It is an international competition open to students, PhD candidates or researchers who have already published an original work in these fields.
The Prize amount will be of 10’000 Swiss Francs (US$9,211).
The applications, either in English or in French, must be sent to the Rectorate of the University of Geneva before May 1st, 2008. The file must include the original work (maximum 20 pages), as well as the candidate’s CV. An abstract of the research could be joined to the application.
Send the file to :
Prix Kaloy International Université de Genève
Rectorat – PBS – Uni Dufour
rue Général-Dufour 24
CH-1211 Genève 4
Or e-mail to ;
The works will be submitted to a nomination committee. The laureate will be informed personally.
A post-doctoral Position Available
Click here for the lab-homepage.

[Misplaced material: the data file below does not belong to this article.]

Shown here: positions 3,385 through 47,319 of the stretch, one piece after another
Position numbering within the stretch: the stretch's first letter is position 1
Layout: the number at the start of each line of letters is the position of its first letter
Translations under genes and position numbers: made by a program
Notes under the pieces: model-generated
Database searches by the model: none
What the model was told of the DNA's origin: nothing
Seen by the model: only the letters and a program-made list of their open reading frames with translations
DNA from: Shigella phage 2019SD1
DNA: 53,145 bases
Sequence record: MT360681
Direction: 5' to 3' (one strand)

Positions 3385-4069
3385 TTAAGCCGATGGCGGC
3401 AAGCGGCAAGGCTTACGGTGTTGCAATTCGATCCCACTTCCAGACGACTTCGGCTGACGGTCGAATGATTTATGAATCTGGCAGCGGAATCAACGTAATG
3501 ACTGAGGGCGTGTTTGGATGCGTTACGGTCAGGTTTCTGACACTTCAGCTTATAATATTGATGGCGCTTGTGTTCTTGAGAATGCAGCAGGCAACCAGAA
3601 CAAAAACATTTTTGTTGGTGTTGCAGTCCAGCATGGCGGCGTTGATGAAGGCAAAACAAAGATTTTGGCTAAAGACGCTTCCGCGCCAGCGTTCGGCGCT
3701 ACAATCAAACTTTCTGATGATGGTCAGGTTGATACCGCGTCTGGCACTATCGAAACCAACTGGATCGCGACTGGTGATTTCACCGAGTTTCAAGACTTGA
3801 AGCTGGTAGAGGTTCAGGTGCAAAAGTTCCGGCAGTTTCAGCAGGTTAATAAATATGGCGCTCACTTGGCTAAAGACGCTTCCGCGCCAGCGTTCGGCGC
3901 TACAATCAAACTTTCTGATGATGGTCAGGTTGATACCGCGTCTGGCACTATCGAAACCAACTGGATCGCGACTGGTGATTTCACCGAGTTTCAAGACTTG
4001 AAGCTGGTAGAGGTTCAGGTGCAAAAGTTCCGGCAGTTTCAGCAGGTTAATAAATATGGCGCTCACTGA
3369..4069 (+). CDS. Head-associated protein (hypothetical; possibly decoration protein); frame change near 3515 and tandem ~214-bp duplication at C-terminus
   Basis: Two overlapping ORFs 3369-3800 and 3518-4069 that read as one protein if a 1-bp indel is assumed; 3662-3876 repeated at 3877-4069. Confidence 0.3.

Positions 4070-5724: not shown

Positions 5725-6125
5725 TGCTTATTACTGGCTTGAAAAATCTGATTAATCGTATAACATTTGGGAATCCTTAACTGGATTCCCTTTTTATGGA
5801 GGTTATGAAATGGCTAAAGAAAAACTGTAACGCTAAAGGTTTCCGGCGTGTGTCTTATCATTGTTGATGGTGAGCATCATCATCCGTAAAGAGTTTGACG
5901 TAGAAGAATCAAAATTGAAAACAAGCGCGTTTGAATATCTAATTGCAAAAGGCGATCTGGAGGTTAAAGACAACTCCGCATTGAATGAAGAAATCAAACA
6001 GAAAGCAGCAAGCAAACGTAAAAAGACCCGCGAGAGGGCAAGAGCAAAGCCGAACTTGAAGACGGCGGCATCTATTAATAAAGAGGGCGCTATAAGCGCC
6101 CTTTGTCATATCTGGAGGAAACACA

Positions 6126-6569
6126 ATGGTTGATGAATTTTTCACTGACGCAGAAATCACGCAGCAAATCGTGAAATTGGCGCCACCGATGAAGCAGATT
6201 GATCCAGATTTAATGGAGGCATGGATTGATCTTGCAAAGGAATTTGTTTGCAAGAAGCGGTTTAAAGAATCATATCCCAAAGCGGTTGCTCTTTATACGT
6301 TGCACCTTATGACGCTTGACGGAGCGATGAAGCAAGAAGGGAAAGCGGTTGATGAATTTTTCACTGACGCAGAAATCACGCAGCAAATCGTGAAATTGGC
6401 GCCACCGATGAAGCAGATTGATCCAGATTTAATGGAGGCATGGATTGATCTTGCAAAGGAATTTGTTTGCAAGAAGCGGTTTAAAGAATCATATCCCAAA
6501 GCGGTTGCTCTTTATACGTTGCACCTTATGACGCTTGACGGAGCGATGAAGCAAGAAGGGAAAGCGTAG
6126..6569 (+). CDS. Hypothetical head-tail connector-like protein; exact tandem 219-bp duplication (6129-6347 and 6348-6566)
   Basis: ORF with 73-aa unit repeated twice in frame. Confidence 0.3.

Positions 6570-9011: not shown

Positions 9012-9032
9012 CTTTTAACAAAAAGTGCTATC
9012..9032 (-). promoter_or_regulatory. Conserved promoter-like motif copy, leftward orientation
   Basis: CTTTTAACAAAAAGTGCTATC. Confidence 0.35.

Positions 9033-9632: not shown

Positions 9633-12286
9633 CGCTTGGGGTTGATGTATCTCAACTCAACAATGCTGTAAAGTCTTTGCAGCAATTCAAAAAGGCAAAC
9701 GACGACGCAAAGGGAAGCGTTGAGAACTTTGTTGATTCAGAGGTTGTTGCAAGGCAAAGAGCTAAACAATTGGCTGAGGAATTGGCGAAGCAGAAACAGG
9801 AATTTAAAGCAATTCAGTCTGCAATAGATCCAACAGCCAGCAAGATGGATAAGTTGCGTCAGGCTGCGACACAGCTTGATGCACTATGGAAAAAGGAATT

Thursday, February 21, 2008
How to Negotiate and Get a Raise of Your Salary
To win the salary battle, you'll need maximum ammunition and clever strategy.
First, check your ammo:
- Note the dollars you have generated (or will soon) for the company.
- Cite other benefits you have contributed. Focus on your boss's priorities: Getting credit? Easing his workload? Making you feel appreciated?
- Offer to change your job description so you can add more value.
- Assess your payscale.com, salary.com, and salaryexpert.com. . Ask peers in and outside your workplace, plus headhunters specializing in your field. Consult salary surveys by your professional association or on websites such as
- Show interest from another employer. Consider putting out feelers for that purpose. Make your boss think, "If I don't give him a big raise, I may lose him."
Don't have much ammunition? Perhaps this isn't the time to ask for a raise. Not only are you unlikely to get it, but your boss may think, "What nerve! He's already getting paid more than he's worth."
If you do have enough ammo, craft your strategy:
- Knowing your boss, should you lay out your case in writing? Send it in advance?
- Meet on his turf? Yours? A restaurant?